Spain second wave: Catalonia puts 200,000 residents on lockdown amid coronavirus spike


    Authorities in Catalonia, which is located in northeast Spain, have restricted the movement of more than 200,000 residents following a surge in COVID-19 infections. The new outbreak centres on Spaniards living in Segria and the populated city of Lleida, with residents not allowed to leave the area.

    Segria is situated to the west of Catalonia and covers an area of more than 800 square miles.

    Around 210,000 people live in 38 municipalities across the Segrià region.

    Catalan regional president Quim Torra said the lockdown was effective from midday on Saturday following a “significant” rise in cases, but confirmed residents would be allowed to venture outside their homes.

    Regional health ministry data showed there were 3,706 cases in the Lleida region on Friday.

    The figure represented a rise of more than 150 cases in the past 24 hours, with 3,551 people testing positive for the virus on the previous day.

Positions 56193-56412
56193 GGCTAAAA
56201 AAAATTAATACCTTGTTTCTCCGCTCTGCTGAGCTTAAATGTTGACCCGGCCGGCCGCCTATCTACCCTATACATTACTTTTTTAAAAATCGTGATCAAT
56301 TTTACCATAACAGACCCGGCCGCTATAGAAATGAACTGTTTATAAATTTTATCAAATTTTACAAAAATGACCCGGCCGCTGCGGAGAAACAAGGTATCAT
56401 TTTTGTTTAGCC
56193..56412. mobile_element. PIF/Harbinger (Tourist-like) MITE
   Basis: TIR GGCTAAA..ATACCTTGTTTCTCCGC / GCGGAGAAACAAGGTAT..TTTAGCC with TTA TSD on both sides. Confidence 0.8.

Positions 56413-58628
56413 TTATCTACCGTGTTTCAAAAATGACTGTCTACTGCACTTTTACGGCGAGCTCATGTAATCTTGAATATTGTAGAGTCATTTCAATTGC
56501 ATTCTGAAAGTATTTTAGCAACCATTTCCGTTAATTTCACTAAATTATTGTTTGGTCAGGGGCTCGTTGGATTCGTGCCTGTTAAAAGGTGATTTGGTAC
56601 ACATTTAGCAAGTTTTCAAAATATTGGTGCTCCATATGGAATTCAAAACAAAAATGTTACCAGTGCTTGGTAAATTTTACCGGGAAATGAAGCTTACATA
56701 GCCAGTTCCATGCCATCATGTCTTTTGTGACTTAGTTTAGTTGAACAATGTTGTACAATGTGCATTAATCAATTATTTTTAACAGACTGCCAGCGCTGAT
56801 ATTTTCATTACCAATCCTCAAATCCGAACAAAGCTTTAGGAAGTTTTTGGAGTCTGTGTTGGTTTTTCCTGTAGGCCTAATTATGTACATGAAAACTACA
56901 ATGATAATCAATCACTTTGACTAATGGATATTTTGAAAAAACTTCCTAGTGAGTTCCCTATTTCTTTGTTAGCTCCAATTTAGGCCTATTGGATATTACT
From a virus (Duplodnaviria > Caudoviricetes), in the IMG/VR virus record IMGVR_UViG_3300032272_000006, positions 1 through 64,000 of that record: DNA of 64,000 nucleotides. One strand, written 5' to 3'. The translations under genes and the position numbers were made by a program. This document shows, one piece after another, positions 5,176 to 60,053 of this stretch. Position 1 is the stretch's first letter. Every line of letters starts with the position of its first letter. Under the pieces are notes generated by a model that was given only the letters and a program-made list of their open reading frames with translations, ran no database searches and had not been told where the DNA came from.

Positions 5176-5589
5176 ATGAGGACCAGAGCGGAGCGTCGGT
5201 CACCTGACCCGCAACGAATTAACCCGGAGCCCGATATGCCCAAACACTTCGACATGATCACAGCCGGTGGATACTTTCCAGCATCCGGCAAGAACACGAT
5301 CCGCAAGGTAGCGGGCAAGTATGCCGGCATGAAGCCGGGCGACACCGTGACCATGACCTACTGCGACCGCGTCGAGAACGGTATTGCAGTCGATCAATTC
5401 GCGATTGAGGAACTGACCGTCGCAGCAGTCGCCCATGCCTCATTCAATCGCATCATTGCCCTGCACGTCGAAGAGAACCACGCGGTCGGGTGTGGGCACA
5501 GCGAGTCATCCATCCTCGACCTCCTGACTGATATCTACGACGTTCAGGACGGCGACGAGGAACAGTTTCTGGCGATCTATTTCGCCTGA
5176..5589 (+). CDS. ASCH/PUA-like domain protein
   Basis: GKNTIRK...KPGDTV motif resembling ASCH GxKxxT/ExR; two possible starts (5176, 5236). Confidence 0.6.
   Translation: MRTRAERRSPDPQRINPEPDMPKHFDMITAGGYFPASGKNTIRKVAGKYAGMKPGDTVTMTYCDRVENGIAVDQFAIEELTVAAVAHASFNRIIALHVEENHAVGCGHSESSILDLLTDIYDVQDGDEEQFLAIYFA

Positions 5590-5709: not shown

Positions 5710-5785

In a press briefing, President Torra said: “We have decided to confine Segria due to data that confirms too significant a growth in the number of COVID-19 infections.”

    He added: “We take a step back to protect ourselves and we will take all the decisions to stop the contagion.”

    The new strict guidelines told residents who had left the area to return by 4pm.

    The local lockdown has also restricted gatherings to just 10 people.

    Following the fresh outbreak, a field hospital was set up outside LLeida’s Arnau de Vilanova hospital on Friday and has a capacity to treat up to 105 patients.

    Spain has been one of the worst hit countries by the coronavirus pandemic with more than 200,000 confirmed cases over 28,000 deaths.

    To date the Spanish health ministry has registered 205,545 coronavirus cases and 28,385 deaths.

    READ MORE: Coronavirus map LIVE: UK records 44 hospital deaths as pubs reopen

    The list features popular short-haul destinations such as Spain, France, Italy, Turkey, Greece and Cyprus.

    As well as long-haul locations including Australia, Barbados, Hong Kong, Japan, New Zealand and Vietnam.

    Notable absentees include China – where the coronavirus was first reported to the World Health Organisation in December 2019 and the US – which has the highest number of coronavirus cases and fatalities in the world.


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